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Ice, Ice Baby: An emperor penguin tends to a chick in the frozen wastes of Antarctica in 'March of the Penguins.'

Penged Migration

Luc Jacquet's 'March of the Penguins' is the cutest story ever told

By Richard von Busack

EVERYTHING WE learned about penguins turns out to be wrong. They're not "pompous, waddling birds of crime," as Batman's Chief O'Hara would have it. Nor are penguins actually from Hoboken, as many Bugs Bunny fans believe. March of the Penguins follows the pathetically moving mating cycle of Antarctica's emperor penguins. Viewers will make noises they haven't made since they were unwrapping their birthday presents when beholding fleecy, apparently smiling penguin chicks toddling and flapping their little vestigial wings. There was, however, nothing cute about the filming conditions: 80-degrees-below-zero temperatures, against sometimes 100 mph winds.

The emperor penguin's life cycle is depressing to us underachievers. First, a bracing 70-mile walk. In an orderly line, the penguins bobble away to the breeding grounds. There, they stand around in their evening clothes, clearly uncomfortable and not properly introduced to one another, like characters in a downbeat British play. Eventually, the penguins find common ground for conversation and pair off for torrid mating. "They're monogamous, sort of," says our molasses-toned omniscient narrator Morgan Freeman. (If someone makes a documentary about Morgan Freeman, who will narrate it?) The uncensored footage of the male beaking his lady-friend's throat feathers ought to clear the theaters in Salt Lake City.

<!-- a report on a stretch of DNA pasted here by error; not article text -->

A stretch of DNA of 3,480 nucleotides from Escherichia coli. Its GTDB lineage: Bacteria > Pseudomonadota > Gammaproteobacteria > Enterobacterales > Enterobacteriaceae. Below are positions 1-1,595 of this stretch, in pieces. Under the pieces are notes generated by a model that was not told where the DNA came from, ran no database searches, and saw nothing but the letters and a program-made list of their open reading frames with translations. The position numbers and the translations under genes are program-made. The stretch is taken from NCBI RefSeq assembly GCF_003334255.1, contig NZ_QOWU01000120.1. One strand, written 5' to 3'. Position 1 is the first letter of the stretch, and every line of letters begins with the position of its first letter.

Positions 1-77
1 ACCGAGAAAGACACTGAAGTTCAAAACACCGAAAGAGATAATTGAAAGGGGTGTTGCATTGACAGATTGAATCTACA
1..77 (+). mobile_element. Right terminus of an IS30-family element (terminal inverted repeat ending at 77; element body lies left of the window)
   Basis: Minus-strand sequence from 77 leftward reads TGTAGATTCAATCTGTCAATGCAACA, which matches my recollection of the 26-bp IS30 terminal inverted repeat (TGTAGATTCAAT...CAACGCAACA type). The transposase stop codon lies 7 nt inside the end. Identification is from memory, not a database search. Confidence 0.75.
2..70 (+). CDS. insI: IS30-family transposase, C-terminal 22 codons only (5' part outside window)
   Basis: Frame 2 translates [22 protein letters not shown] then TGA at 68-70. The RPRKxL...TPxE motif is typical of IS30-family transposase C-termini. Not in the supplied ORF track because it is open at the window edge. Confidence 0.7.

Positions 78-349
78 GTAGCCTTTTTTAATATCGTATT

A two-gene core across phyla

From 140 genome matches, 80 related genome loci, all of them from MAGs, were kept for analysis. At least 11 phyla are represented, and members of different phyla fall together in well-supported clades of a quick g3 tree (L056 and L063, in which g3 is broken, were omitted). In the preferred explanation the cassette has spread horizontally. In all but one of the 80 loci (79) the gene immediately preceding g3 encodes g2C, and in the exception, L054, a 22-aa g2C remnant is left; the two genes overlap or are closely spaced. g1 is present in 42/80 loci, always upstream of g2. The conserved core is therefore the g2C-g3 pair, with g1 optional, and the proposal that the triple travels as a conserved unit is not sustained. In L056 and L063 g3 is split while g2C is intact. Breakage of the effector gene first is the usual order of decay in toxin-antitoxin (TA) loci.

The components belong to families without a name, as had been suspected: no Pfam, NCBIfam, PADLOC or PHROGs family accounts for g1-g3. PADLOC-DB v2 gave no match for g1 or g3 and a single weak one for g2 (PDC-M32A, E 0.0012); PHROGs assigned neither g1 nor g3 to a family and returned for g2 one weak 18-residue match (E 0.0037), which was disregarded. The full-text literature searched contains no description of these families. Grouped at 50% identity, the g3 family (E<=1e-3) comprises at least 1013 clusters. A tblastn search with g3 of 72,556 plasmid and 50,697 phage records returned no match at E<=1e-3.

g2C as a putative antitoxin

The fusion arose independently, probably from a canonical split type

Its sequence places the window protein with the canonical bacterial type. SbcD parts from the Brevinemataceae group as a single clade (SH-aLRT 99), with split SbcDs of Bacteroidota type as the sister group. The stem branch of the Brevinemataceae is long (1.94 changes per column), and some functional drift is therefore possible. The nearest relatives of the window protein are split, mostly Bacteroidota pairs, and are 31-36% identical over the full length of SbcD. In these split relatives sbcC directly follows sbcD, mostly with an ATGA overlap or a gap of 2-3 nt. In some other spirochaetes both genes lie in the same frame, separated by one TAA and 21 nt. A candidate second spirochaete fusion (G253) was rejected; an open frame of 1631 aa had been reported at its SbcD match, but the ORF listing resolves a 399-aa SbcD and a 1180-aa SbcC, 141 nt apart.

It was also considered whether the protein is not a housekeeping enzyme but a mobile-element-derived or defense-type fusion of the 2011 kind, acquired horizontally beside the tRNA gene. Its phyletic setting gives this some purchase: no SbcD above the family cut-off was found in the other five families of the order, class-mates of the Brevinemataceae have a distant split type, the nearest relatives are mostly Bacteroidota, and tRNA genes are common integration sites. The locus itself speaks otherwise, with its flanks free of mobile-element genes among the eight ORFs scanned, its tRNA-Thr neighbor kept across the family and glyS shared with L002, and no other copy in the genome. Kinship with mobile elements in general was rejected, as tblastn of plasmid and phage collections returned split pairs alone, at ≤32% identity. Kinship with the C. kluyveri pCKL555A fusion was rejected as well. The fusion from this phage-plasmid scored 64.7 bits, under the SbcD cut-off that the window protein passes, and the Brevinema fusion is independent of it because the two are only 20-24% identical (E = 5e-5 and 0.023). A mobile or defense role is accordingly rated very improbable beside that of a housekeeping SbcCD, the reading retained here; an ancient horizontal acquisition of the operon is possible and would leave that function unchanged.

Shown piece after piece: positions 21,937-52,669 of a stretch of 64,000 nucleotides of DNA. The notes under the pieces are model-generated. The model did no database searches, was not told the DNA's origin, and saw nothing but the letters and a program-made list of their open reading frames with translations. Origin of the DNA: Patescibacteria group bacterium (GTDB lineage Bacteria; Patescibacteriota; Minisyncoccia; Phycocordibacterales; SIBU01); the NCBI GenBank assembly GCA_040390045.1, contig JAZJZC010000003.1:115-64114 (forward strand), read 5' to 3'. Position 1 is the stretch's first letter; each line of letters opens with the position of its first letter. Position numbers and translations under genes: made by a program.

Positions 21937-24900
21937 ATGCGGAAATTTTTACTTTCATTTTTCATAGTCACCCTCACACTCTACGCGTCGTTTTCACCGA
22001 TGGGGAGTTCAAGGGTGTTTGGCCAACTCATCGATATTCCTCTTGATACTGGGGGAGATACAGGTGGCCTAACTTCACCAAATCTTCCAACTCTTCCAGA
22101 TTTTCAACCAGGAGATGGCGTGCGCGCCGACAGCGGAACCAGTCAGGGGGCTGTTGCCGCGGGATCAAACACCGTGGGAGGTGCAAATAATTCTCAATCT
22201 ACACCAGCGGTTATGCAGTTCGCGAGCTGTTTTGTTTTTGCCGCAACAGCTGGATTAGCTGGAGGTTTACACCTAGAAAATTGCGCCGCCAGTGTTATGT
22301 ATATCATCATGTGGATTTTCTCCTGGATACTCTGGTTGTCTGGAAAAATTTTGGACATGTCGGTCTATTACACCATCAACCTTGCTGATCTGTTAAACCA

The ice provides the best light reflection possible for the filmmakers. True to their names, these penguins are imperially handsome. Their oily feathers gleam like freshly laid fiberglass, and their old-gold colored sideburns are burnished by the wind. When the frost gets them, spotting their livery with pinpricks of ice, they're even prettier, as if they had rhinestones on their midnight-black hides.

Unfortunately, the narration shamelessly anthropomorphizes the ice birds. "It's a story of love," burrs Freeman. It's actually a story of instinct, which may be even more pure and beautiful, considering the wrongs done in the name of love. Supposedly, the original French version laid it on thicker, with methods that can be imagined by those who recall the baby moans dubbed into Jean-Jacques Annaud's The Bear. Still, the dubbed chirruping of the penguin chicks sound suspiciously like meadow birds. At one point, we're told penguins have been on the ice "for millions of years" and then at another point, "for centuries." A predatory auk or something flies down on a chick, and we never find out what kind of bird it is. Apparently, Mr. God-like Know-It-All Freeman doesn't know everything, does he?

March of the Penguins (G; 80 min.), a documentary by Luc Jacquet, opens Friday at selected theaters.

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From the July 6-12, 2005 issue of Metro, Silicon Valley's Weekly Newspaper.

Copyright © 2005 Metro Publishing Inc. Metroactive is affiliated with the Boulevards Network.

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